‘Will my baby be safe?’
As with other chronic diseases, diagnostic tests are necessary to confirm if patients do indeed have cancer – pregnant women included. “It’s popular belief that diagnostic tests will harm the pregnancy but it’s actually not true. Biopsy is a simple procedure which entails taking an extremely tiny amount of tissue from the tumour area. This is so we can examine the tissue under the microscope for any presence of cancer. It doesn’t involve radiation of any kind so it won’t harm the foetus. It’s also safe for expecting mothers to undergo biopsies under anaesthesia,” Dr Mastura assures.
Listing down other forms of diagnostic methods, she says, “Other tests that are considered safe include ultrasound, magnetic resonance imaging (MRI), blood tests and lumbar puncture.” What about things like chest x-rays and mammograms? “They can be safe as long as an abdominal shield is utilized to protect the foetus from exposure to radiation,” she clarifies.
Diagnostic tests may be safe for pregnancies but now it begets the question: can pregnancies compromise the diagnosis process? “In breast cancer, pregnancy does cause the breasts to enlarge. Therefore, it may be difficult to feel for the lump upon examination – both by the patient and the doctor. But other than that, pregnancy generally won’t affect the process.”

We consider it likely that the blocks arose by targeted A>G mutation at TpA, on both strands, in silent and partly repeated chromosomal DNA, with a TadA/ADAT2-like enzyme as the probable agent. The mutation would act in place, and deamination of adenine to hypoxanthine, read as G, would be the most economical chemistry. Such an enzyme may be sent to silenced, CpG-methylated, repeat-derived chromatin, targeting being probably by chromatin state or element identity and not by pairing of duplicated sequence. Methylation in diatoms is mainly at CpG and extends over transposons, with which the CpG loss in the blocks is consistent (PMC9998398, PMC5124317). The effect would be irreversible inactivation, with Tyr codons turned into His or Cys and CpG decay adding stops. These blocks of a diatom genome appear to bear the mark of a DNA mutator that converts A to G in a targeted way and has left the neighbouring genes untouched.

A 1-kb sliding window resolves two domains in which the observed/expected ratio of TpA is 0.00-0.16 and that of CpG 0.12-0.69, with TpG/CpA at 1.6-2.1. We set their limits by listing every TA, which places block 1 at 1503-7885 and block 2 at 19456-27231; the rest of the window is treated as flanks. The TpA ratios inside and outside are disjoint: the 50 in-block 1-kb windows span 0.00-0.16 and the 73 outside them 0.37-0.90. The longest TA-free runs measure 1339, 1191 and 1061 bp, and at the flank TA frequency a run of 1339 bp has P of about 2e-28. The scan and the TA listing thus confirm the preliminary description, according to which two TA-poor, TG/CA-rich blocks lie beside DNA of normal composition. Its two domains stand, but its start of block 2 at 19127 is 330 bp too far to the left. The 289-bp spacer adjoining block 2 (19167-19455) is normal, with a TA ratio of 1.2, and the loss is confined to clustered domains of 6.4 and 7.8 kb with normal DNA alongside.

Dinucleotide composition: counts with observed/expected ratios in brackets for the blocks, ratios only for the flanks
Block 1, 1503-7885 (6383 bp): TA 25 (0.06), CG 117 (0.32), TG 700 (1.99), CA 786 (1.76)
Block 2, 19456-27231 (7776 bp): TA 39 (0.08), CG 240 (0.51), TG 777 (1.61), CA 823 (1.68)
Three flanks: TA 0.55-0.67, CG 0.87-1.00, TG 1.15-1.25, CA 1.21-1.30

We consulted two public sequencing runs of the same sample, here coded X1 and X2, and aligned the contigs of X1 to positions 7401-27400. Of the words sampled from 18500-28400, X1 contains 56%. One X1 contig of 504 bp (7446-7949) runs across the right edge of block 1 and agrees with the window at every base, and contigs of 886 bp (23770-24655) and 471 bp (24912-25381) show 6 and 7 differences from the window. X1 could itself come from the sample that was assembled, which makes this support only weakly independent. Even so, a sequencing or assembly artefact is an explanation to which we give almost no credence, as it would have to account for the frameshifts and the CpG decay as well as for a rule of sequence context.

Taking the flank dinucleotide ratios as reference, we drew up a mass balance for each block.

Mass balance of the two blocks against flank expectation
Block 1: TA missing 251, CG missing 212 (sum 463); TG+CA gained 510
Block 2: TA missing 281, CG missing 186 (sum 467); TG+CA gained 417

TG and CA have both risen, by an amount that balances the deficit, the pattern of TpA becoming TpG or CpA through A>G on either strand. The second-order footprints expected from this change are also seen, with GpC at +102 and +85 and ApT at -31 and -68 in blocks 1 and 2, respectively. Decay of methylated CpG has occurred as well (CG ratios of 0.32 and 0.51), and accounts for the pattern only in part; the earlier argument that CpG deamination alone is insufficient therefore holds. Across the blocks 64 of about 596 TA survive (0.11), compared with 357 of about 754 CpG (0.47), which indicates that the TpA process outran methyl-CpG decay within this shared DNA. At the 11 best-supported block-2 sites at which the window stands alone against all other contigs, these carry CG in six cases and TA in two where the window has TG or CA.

‘What are my options?’
Like many things in life, there is no one-size-fits-all strategy when it comes to cancer treatment. “The treatment options that are available to a patient depend on various factors,” Dr Mastura explains. These factors include:
“Firstly, it depends on the patient herself. Does she have any pre-existing medical conditions? How is her physical fitness and organ function? Is this pregnancy her first? Does she have any other kids? How far along is she?”
Type of cancer
“Another factor we take into consideration is the type and stage of cancer she has. Once those details have been confirmed, we can look into the treatment (eg, surgery, chemotherapy, etc) that is indicated for her exact condition. Surgery can be performed at any time during the pregnancy while most chemotherapy drugs can be administered during the 2nd and 3rd trimesters. Patients who undergo chemotherapy aren’t allowed to breastfeed. Instead, they will be given medications to halt breast milk production. Radiotherapy, on the other hand is not given during pregnancy.”